Anyway, within the categories of brain activity I selected that I want to focus on (problem solving, flexibility, memory, acuity, etc.) is Attention, which is consistently THE hardest category for me.
I live in my head a lot, like many other writers. I've known all my life that when I walk down a city street, I'm totally aware of the ambiance, the energy, the colors and sounds, and the light or dark feeling that surrounds me in an aura-ish, or a gestalt-ish way, and I can reproduce that feeling in words. But if you ask me where a particular shop is that I walk past every day, I probably don't even know that it exists, much less where it is on the street.
I've considered asking the government if I can get disability payments for this inability (along with some $$ for the no-sense-of-direction problem that also just has to be a physical, neurotransmitter glitch in my brain), but have decided to just work on it to improve it instead.
One of the reasons I want to improve my Attention Capability is that it is so important to notice physical details and retain them for authentic writing. Not just for description of place, but for context in characters' reactions and feelings. Names of shops and their physical appearance, for example, can have power and meaning in the context of a character's experience.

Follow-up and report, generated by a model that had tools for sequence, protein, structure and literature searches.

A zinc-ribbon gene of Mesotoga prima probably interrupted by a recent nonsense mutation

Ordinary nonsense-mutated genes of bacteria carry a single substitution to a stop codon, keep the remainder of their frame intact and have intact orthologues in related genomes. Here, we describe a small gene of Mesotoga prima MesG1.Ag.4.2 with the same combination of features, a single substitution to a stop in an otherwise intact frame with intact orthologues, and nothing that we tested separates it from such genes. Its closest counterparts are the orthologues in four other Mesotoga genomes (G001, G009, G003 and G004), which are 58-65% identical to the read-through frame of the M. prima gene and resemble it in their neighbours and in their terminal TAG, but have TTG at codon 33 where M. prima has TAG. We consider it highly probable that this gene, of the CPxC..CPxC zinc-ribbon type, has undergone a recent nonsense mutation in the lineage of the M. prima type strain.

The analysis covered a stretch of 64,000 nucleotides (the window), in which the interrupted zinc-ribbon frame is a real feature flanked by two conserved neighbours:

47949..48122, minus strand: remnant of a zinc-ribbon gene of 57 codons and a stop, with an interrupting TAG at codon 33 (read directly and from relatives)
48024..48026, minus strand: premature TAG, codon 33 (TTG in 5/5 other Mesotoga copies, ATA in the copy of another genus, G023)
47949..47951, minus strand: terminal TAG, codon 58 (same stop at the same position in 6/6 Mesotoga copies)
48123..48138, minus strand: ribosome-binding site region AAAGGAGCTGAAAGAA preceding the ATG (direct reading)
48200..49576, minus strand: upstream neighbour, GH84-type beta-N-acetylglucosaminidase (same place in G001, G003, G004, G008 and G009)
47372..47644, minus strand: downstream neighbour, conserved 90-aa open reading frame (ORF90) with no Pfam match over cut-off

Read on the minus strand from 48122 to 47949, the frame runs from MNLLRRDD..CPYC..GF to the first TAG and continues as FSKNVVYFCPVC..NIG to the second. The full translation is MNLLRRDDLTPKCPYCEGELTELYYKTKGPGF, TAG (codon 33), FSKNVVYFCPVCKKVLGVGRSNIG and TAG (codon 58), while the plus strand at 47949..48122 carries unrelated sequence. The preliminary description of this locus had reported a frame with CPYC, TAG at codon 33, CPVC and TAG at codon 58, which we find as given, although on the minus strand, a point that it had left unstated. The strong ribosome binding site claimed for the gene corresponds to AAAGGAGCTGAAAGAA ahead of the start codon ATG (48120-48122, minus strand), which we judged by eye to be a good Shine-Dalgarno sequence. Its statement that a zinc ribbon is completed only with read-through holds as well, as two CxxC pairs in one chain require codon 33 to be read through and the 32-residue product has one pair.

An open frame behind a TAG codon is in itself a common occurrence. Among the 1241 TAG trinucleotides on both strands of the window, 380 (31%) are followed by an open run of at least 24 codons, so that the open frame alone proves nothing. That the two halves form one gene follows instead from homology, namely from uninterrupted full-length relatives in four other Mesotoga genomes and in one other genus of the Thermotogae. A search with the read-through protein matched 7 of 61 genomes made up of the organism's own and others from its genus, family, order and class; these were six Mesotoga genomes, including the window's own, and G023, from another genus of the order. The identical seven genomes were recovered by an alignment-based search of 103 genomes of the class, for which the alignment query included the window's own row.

Of course you can take pictures to help you remember later, but that doesn't have the emotional immediacy of noting the meaning to you in the moment, or the specific feeling that particular name or shopfront or outfit a person is wearing creates in you that is memorable. Real details can be SO powerful when it comes to conjuring experiences and feelings on the page.
This week, at the Brainpickings Weekly site, there's a wonderful article on Attention, called The Art of Looking: What 11 Experts Teach Us about Seeing Our Familiar City Block with New Eyes. Annie Dillard is quoted, beautifully lamenting how urban living can rob us of this key element in experiencing life and expressing in words how that feels, but the article also offers an endorsement of a book that can help us open our eyes to what learning to pay attention to details will do for us:
“The art of seeing has to be learned,” Marguerite Duras reverberates – and itcan be learned, as cognitive scientist Alexandra Horowitz invites us to believe in her breathlessly wonderful On Looking: Eleven Walks with Expert Eyes (public library) – a record of her quest to walk around a city block with eleven different "experts," from an artist to a geologist to a dog, and emerge with fresh eyes mesmerized by the previously unseen fascinations of a familiar world. It is undoubtedly one of the most stimulating books of the year,
It does look like a beautiful book, on a subject that is important to any writer (especially if you live in an urban location and also mostly in your head!)
Do you notice all the details of your environment or no? Are you aware of how you use these kinds of details in your writing? What do they do for you??